Canada Soccer and the women’s national team have agreed to an interim funding deal that is retroactive to last year after players threatened to boycott the team’s activities at last month’s SheBelieves Cup tournament.
The two sides issued a joint statement Thursday saying the terms of the deal include “per-game incentives and performance-based compensation” similar to an agreement with the men’s team. The federation is still negotiating a collective agreement with both.
“It’s about respect, it’s about dignity and it’s about equalizing the competitive environment in a world that is fundamentally unequal,” Canada Soccer general secretary Earl Cochrane said in a statement. “We have been consistent and public about the need for fairness and equal pay to be the cornerstones of any new agreement with our players, and today we are delivering on that.”
With an agreement in place, the details of the federation’s funding are being finalized by legal advice from both sides, according to the announcement.
The women’s team said last month that the players would not participate in team activities at the SheBelieves Cup tournament in February. Canada was one of four teams that participated in the round-robin tournament that visited three cities.
The Canadian women, who are seeking equal pay with their male counterparts, claimed they did not receive compensation for 2022. They said they had to cut training camp days and full camp windows, as well as reduce the number of players and staff invited to participate. camps. They were told there would be no home games scheduled before this summer’s Women’s World Cup.
After the players’ action, Canada Soccer said the move amounted to an illegal strike and the players agreed. But team captain Christine Sinclair said the team was playing SheBeleieves under protest.
During the anthems before each game, players wore purple shirts that said “Enough is Enough” and then wore purple armbands during games. Purple was a symbol of fairness. American and Japanese players also wore purple armbands in solidarity.
The labor dispute between the national teams and Canada Soccer dates back to last June, when the men’s team — then preparing for its first World Cup appearance in 36 years — boycotted a match against Panama in Vancouver to call on the attention to the subject.
Both national teams have raised questions about Canada Soccer and its relationship with Canadian Soccer Business. The CSB represents the federation in media and sponsorship deals and in turn pays the federation a guaranteed amount per year. The CSB did not respond to emails from The Associated Press seeking comment.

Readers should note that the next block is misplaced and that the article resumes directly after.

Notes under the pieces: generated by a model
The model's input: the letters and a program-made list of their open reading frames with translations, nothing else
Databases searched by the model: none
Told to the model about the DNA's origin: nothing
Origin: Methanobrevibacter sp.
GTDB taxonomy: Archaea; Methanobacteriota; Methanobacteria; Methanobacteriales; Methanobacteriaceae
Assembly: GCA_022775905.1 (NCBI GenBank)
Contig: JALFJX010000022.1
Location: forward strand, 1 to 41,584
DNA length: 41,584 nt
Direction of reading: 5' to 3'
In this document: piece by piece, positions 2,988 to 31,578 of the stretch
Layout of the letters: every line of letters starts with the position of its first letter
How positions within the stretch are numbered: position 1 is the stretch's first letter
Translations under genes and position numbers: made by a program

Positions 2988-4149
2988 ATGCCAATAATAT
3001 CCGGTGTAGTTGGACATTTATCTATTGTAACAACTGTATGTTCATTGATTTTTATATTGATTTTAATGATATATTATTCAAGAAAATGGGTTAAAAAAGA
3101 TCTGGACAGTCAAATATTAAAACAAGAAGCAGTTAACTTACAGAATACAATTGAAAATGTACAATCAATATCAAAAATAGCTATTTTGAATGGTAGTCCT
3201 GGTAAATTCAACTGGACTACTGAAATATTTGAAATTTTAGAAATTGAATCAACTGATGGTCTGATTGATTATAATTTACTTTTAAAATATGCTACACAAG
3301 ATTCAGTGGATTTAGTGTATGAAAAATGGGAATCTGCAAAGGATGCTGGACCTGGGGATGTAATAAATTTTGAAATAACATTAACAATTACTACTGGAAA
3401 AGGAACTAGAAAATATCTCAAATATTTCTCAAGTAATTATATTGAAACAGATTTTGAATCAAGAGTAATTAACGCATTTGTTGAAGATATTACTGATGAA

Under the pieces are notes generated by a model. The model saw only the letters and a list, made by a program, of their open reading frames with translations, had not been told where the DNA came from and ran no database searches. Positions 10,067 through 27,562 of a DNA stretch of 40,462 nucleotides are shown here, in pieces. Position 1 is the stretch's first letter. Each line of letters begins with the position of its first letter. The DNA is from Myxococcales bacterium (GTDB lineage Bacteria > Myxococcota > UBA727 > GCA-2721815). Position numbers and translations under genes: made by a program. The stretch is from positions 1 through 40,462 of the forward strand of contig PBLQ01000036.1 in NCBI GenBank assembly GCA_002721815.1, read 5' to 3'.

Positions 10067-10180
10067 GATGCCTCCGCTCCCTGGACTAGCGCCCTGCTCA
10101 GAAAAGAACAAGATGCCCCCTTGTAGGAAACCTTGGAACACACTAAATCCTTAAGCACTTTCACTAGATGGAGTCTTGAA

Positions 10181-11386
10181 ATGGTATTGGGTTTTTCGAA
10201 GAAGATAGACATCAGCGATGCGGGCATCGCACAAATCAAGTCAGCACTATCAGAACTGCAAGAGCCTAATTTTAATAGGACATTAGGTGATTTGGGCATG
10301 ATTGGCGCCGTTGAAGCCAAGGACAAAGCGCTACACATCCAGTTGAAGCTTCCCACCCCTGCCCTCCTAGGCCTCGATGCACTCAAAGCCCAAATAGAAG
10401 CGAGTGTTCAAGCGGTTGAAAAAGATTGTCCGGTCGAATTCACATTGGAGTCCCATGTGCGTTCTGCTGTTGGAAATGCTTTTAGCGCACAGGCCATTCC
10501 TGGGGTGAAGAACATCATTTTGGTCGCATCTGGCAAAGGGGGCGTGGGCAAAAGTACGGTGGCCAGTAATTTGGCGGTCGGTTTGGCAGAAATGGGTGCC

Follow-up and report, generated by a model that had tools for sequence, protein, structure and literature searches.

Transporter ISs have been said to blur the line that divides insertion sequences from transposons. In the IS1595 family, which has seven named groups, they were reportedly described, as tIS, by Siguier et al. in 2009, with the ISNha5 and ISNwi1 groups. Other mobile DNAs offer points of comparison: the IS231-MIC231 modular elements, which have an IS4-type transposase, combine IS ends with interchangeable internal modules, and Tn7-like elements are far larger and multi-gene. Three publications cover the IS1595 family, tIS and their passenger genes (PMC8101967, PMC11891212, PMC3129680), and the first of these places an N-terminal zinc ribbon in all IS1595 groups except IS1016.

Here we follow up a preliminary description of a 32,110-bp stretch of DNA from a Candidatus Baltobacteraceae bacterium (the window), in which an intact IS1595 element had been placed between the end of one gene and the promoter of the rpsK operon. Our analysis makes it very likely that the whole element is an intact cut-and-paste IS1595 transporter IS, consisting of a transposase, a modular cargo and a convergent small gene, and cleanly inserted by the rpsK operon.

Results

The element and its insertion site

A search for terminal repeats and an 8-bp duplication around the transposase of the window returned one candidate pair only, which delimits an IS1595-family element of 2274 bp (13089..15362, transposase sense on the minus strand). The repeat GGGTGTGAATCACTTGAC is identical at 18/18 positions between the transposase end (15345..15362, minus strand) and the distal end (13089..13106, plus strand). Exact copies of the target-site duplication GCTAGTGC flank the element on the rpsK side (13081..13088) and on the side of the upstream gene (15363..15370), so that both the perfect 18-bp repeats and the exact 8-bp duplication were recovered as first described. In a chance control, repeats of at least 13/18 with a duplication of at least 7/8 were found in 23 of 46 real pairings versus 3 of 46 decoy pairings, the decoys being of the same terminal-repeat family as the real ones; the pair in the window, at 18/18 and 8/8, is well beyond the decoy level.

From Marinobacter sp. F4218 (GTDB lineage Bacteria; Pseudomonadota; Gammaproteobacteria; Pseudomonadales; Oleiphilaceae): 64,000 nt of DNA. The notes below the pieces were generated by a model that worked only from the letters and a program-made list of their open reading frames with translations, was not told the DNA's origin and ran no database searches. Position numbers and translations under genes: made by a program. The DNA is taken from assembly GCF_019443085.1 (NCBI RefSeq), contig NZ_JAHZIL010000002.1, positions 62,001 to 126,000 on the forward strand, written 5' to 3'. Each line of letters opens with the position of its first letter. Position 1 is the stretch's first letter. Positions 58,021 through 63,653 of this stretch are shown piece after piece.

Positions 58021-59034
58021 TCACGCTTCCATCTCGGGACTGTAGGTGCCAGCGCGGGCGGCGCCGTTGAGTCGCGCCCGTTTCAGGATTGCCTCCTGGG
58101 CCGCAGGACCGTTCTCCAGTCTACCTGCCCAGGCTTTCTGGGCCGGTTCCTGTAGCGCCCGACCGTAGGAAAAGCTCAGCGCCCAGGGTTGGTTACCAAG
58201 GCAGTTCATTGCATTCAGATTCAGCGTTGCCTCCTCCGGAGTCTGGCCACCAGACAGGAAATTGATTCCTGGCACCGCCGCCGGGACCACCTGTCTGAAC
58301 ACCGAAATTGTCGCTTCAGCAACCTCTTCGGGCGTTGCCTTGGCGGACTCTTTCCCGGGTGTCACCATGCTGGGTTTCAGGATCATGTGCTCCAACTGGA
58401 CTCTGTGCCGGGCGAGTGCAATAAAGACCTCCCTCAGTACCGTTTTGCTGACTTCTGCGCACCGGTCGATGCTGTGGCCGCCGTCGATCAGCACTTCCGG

The women want the same support ahead of this summer’s World Cup in Australia and New Zealand that the men received at the World Cup in Qatar last year. Both teams also want an explanation for why their programs are being cut this year.
Earlier this week, Nick Bontis resigned as president of Canada Soccer, acknowledging that change was needed to achieve labor peace with the men’s and women’s teams.
On Thursday, before the women’s funding deal was announced, both teams released a statement saying the change in leadership is “a necessary step” to ensure the success and growth of soccer in Canada.
“However, Canada Soccer must also respond to the players’ associations’ requests for adequate, transparent and complete access to their financial history, particularly in light of recent budget cuts to the same programs that have created a unprecedented interest from sponsors to support national teams.” said the statement. “The continued unauthorized use of images of national team players must be addressed. Immediate action must be taken to address the unsustainable financial constraints imposed by their agreement with Canadian Soccer Business, once and for all all”.
Both teams asked the federation to work with them on the best way forward before naming a successor.
Report from The Associated Press.
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